IAEA visit to Zaporozhye NPP via Kiev 'very dangerous': Moscow
Crossing into the nuclear plant through Kiev will put the IAEA at risk given that the Ukrainian armed forces will be ready to commit any provocation, argues the Russian foreign ministry.
A trip by an International Atomic Energy Agency (IAEA) delegation to the Zaporozhye nuclear power plant (NPP) through Kiev and then across the contact line will be very dangerous, asserted Igor Vishnevetsky, the Deputy Director of the Department for Non-Proliferation and Arms Control at the Russian Foreign Ministry on Monday.
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"Across the front line - that is a huge risk, given that the Ukrainian armed forces are heterogeneous armed formations. These people will be ready to commit any provocation," he said regarding a statement UN Secretary-General Stefane Dujarric gave, saying that the world organization could facilitate such a visit via Kiev.
"In this case, anything could happen if the IAEA delegation went across the front line," he said, adding that Russia put forward a safe route for the inspectors' trip to the plant.
"When it concerned the previous visit, which was disrupted, Russia proposed a route that would ensure the safety of the IAEA inspectors," he said. "In this case the Russian side can provide complete security, our military will fully provide it. Ukraine will not provide anything," he added.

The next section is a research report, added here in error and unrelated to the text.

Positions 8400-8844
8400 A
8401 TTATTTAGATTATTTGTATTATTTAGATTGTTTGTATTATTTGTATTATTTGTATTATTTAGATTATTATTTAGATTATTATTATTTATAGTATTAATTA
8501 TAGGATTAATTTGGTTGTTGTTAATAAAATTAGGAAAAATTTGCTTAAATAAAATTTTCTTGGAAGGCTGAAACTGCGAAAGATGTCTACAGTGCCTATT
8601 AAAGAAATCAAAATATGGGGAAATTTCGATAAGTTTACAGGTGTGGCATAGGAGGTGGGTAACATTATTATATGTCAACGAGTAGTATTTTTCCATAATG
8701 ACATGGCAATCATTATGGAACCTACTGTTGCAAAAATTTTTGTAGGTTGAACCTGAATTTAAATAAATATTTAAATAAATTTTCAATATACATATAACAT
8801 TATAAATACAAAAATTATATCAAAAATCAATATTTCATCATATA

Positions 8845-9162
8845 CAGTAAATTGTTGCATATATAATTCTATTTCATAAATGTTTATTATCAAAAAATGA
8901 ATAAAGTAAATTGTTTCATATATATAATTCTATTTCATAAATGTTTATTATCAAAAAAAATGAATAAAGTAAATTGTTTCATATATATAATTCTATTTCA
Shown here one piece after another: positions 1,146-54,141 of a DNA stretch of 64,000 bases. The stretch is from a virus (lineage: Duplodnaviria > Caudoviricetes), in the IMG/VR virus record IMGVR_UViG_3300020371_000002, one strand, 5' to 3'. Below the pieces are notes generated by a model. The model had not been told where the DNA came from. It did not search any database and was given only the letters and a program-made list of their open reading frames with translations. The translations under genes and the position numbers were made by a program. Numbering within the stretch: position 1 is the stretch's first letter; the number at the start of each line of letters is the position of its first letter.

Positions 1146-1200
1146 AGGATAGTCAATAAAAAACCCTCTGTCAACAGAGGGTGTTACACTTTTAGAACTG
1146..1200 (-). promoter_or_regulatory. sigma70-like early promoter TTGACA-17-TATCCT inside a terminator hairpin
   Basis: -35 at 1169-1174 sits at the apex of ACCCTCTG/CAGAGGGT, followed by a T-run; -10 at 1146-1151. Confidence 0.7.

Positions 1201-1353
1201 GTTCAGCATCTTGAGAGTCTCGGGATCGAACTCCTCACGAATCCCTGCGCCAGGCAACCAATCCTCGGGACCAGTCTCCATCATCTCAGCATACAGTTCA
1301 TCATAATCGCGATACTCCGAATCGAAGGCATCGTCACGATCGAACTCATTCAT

"Therefore, this proposal [on a trip through Kiev and the territory controlled by Ukraine] raises not only questions, but bewilderment," the diplomat concluded.
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Commenting on statements made in Kiev that the purpose of the inspectors' visit is the demilitarization of the NPP, Vishnevetsky argued "The IAEA is not engaged in demilitarization and security. It has a clear mandate, which is the implementation of IAEA guarantees," adding "This is just an irresponsible statement."
"The IAEA comes with an inspection of the facilities, checks whether the obligations are fulfilled or not, that is, whether nuclear material is used at the plant for peaceful purposes," Vishnevetsky went on.
"This is the goal and mandate of the IAEA. If the inspection pays attention to any interference in the operation of the plant, of course, it will describe this in its reports, it will be discussed. Everything else is not the responsibility of the agency," he concluded.
Last Thursday, Russia accused the office of the United Nations Secretary-General of obstructing the work of IAEA experts and preventing them from visiting the Zaporozhye NPP in eastern Ukraine.
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Russian forces have had complete control over the nuclear plant since March, but drone attacks by Ukrainian forces have regularly targeted the facility, leading Russia to request help from the IAEA to address security issues.
The Ukrainian military shelled the Zaporozhye NPP on August 7, targeting the spent nuclear fuel repository. At the time, the Kiev regime launched a 220mm Uragan rocket with a cluster munition.
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On July 12, two Ukrainian drones attacked a building close to the Zaporozhye NPP, according to a spokesperson for the military-civilian administration in Enerhodar.
According to the military-civilian administration at Nova Kakhovka, the Ukrainian strike carried out on the city was executed using multiple rocket launchers HIMARS (High Mobility Artillery Rocket System) supplied by the United States.
Such incidents have triggered fears of a possible nuclear catastrophe and were the subject of an emergency meeting of the UN Security Council last Thursday.